Student theatre company GUTS will not be allowed to perform the play Waiting for Godot at Groningen cultural centre Usva. The reason is that the company only auditioned men for the play’s five male roles.
GUTS, which has been rehearsing for the play since November and was going to perform it in March, was informed of the decision last week. As far as Usva is concerned, auditioning only men is at odds with the university’s diversity policy.
Waiting for Godot is a renowned absurdist play from the twentieth century, written by Irish writer, playwright, and poet, Samuel Beckett. The play involves the protagonists, two men, waiting for Godot, who never shows up. In the meantime, they have various existential discussions. Occasionally, they are joined by some other men.
Before his death, Beckett recorded a clause that stated that everyone performing the play should do so in strict accordance with his instructions. This not only applies to the staging of the play, but also to who is allowed in the cast. In this case, it’s only men.
Anyone disobeying this runs the risk of being sued by the foundation in charge of Beckett’s rights.
‘I only found out about the clause just before the pitch deadline, and there wasn’t much I could do about it’, says director Oisín Moyne.
In GUTS, the entire member group votes on the play the company will perform. ‘We weren’t happy with the foundation’s rules, but we did want to give people the opportunity to vote on the play. It’s an important and still relevant piece.’
The theatre association’s members voted in favour of putting on Waiting for Godot in spite of the strict clause. In November, there was a call for actors and crew to audition. And while the call for actors was for men only, the one for crew wasn’t.
The theatre company is especially frustrated that the play is being cancelled a month before it’s supposed to go on. According to Fay Sterken, chair of the Usva student board, the board only found out about the all-male audition two weeks ago.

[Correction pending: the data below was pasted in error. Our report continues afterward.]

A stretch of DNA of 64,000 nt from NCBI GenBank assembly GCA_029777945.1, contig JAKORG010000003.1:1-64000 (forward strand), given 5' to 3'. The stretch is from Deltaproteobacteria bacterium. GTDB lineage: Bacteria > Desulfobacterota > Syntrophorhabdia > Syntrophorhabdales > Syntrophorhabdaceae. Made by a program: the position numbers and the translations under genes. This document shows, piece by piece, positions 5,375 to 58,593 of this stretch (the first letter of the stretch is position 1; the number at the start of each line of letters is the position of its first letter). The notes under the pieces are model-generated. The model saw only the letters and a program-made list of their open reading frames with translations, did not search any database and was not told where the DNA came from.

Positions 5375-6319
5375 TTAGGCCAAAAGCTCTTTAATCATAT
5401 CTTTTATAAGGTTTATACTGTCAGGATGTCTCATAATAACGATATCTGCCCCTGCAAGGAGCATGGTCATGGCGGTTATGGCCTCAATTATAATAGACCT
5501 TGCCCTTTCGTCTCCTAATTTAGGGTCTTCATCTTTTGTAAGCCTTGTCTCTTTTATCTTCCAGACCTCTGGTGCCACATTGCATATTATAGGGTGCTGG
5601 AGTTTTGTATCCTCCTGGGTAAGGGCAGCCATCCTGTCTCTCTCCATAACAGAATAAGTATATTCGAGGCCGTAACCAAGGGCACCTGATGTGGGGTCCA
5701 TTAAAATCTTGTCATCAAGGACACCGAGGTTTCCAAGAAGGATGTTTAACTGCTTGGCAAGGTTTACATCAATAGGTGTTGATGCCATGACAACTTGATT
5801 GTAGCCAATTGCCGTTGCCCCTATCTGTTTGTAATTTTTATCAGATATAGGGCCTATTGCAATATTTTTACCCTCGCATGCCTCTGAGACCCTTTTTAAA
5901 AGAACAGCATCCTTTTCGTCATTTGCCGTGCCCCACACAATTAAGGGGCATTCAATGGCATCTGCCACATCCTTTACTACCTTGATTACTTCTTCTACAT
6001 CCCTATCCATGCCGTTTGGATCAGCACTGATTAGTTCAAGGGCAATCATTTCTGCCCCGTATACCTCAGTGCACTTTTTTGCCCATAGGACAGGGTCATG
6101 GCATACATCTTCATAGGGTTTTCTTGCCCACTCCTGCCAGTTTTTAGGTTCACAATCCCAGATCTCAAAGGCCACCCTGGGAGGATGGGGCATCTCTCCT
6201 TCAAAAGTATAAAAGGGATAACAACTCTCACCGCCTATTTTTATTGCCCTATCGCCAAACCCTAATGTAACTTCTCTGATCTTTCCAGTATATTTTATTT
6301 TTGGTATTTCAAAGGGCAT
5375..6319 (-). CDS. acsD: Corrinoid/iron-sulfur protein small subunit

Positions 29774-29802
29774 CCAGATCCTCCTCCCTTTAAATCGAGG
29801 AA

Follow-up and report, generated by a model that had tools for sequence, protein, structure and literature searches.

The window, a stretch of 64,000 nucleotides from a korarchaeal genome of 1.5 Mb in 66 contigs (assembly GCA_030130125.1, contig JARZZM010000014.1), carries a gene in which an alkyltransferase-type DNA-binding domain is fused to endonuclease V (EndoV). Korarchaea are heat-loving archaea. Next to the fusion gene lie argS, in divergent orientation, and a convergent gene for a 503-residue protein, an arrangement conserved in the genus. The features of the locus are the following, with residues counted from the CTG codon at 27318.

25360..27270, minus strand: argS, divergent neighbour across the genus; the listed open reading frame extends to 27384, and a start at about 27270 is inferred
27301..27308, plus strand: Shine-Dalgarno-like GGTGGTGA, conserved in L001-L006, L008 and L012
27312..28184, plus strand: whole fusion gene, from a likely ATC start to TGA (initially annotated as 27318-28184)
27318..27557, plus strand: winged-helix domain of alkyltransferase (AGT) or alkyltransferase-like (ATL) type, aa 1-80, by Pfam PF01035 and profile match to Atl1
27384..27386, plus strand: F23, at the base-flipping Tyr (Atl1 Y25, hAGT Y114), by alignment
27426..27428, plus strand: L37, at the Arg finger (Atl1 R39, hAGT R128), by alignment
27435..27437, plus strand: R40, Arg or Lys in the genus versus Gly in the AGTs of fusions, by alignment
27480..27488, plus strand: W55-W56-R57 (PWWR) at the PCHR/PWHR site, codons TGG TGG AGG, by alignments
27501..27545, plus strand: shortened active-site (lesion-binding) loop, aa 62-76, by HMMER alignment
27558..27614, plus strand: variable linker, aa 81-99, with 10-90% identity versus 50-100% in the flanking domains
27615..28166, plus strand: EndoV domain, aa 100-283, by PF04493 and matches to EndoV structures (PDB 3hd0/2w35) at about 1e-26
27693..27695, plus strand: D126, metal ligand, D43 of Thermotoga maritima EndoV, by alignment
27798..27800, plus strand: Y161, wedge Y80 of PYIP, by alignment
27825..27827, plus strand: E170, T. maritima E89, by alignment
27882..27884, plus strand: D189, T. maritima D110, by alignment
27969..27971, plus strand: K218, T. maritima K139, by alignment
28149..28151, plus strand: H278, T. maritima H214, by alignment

‘We received the subsidy application, which prompted us to look into the project’, she says. That’s when the board found out that GUTS signed the ‘all-male clause’. ‘We were appalled. It goes against all our principles.’
Usva boss Bram Douwes fully supports the student board’s decision. ‘Obviously we have no say in the play itself, that’s none of our business’, he says.
‘If it concerned a play with five white guys that they’d held open auditions for, everything would have been fine. But you can’t ban people right from the start.’ That is at odds with the university’s inclusivity policy, says Douwes.
Cast and crew
‘In doing so, Usva says the cast is the most important part of the project’, says Medeea Anton, producer for the GUTS play. ‘But that’s not true. The crew are the ones that truly make this project work. They produce it, make the costumes, the sets. We have a crew of eighteen people. Most of them are part of the LGBTQ community, and not male.’
The play’s producers are working hard to find a new venue to perform in. ‘Our priority is to make sure that our team’s work wasn’t for nothing’, says director Moyne. ‘Since Usva used the inclusivity clause to ban us, I hope they’ll use the three days we were supposed to perform to organise something related to theatre and inclusivity.’